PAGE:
Athletic trainers typically work in schools and sports organizations to ensure athletes remain healthy, which includes preventive and therapeutic services. Take a look at the various education and licensing requirements for athletic trainers.
Athletic trainers are healthcare professionals who deal with sport and physical activity-related injuries. Prospective athletic trainers need a bachelor's degree at minimum, and they may also need a master's degree. Their training will involve extensive medical and scientific coursework, plus practical experience. These professionals typically must be licensed, though requirements vary by state.
|Required Education||Bachelor's degree at minimum; master's degrees are common|
|Other Requirements||State licensure from Board of Certification, Inc. required in most states|
|Projected Job Outlook (2014-2024)*||21%|
|Median Annual Salary (2015)*||$44,670|
Source:*U.S. Bureau of Labor Statistics
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Educational Requirements for Athletic Trainers
The minimum requirement for most athletic trainer positions is a bachelor's degree, but many of these professionals have a graduate degree. Athletic training bachelor's programs incorporate classroom and hands-on learning. The curricula include science and health-related subjects, such as nutrition, kinesiology, biomechanics and exercise physiology. Experience requirements include supervised time in clinics and internships, which may be with a college or local professional sports teams.
Athletic training programs cover many healthcare-related areas, including pharmacology, acute care and pathology. Because many trainers go on to earn a master's degree, some schools offer a five-year joint bachelor's and master's program. Other programs may require students to complete prerequisites before they are admitted.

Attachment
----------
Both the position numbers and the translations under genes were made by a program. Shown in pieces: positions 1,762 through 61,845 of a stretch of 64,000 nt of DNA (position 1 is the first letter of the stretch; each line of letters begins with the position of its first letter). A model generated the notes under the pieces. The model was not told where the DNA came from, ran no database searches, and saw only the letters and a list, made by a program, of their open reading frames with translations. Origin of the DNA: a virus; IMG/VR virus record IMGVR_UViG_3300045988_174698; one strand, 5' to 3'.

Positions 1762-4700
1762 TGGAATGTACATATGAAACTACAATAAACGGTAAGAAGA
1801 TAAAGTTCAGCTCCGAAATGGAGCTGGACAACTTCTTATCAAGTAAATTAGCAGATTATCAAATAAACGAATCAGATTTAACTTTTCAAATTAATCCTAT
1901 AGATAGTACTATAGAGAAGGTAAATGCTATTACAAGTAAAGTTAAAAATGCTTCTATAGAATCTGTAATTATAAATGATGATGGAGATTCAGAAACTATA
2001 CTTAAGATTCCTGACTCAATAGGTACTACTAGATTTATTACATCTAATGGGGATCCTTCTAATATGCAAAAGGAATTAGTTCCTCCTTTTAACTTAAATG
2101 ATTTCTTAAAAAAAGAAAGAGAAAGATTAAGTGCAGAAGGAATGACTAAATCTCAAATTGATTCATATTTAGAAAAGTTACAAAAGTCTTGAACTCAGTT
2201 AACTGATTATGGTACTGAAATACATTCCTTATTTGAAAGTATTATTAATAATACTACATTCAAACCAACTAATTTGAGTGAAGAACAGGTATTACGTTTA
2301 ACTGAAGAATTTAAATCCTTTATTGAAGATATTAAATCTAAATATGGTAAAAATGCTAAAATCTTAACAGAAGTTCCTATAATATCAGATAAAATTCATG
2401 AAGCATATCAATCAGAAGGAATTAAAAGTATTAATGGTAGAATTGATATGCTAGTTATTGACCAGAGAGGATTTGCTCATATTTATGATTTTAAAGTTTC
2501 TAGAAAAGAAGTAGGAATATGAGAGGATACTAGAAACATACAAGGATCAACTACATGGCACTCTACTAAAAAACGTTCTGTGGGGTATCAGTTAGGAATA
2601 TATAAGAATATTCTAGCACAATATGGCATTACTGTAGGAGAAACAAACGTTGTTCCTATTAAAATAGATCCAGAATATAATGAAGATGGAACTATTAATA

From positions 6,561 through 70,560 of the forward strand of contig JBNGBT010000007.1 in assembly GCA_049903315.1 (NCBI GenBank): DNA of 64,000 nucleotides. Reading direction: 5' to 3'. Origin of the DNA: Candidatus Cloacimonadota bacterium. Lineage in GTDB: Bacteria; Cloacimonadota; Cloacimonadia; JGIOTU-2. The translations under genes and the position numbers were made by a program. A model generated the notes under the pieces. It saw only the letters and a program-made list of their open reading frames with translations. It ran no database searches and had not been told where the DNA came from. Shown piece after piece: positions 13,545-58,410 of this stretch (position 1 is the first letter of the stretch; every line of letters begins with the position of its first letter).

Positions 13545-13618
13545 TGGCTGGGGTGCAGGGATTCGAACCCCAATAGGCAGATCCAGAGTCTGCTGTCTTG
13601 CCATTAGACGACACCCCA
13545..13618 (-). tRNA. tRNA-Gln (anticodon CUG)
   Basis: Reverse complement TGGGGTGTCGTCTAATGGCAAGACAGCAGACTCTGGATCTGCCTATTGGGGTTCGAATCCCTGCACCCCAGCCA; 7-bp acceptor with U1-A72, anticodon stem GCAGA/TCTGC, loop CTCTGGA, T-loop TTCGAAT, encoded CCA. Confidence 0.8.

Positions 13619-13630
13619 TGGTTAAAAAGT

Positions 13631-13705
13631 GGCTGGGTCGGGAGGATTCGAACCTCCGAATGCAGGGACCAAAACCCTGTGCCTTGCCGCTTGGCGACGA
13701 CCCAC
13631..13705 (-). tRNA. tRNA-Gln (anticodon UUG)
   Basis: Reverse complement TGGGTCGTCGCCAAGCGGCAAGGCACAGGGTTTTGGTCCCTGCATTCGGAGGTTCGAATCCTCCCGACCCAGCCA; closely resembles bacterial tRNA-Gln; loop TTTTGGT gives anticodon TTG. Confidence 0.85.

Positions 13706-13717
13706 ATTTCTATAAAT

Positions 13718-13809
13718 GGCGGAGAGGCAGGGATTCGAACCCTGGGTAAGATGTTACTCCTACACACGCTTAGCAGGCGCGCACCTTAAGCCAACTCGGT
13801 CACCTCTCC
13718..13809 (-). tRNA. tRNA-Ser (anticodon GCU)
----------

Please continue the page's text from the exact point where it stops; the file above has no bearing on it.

According to the National Athletic Trainers' Association (NATA), many certified athletic trainers hold a master's degree (www.nata.org). Master's programs include advanced coursework plus a capstone requirement, which may be a comprehensive exam, thesis or research project. These programs may prepare individuals to instruct at the university level.
Prospective students may consult the Commission on Accreditation of Athletic Training Education (CAATE) for accredited programs. The CAATE has accredited athletic training programs, and it is sponsored by the NATA and several other major organizations that set professional practice guidelines. Graduating from an accredited program is a requirement for certification.
According to the U.S. Bureau of Labor Statistics (BLS), most states require athletic trainers to be licensed or registered (www.bls.gov). Licensing and registration are given by the Board of Certification, Inc. (BOC), which requires that applicants have a degree from an accredited school and a passing score on a qualifying exam. The BOC sets practicing standards and continuing education requirements.
Career Summary of Athletic Trainers
The NATA defines athletic trainers as healthcare professionals who recognize, prevent and rehabilitate injuries that result from playing sports or other physical activities. They may be part of a complete health care team and work under a physician's supervision. Athletic trainers provide medical and allied health care services to individual athletes or entire sports teams. They may be employed by elementary or high schools, colleges and professional sports organizations as well as medical centers.
Career Outlook and Salary Information
The BLS reports that employment for athletic trainers was expected to increase 21 percent for the years 2014-2024. This job growth may be due to particular interest in sports for children and the elderly. In May 2015, the BLS reported that the median annual wage of an athletic trainer was $44,670.
To sum it up, athletic trainers must complete a relevant undergraduate degree program or higher, have experience in the field, and become licensed to be employed in this line of work. Athletic trainers can then work for professional or school sports teams, or in clinics.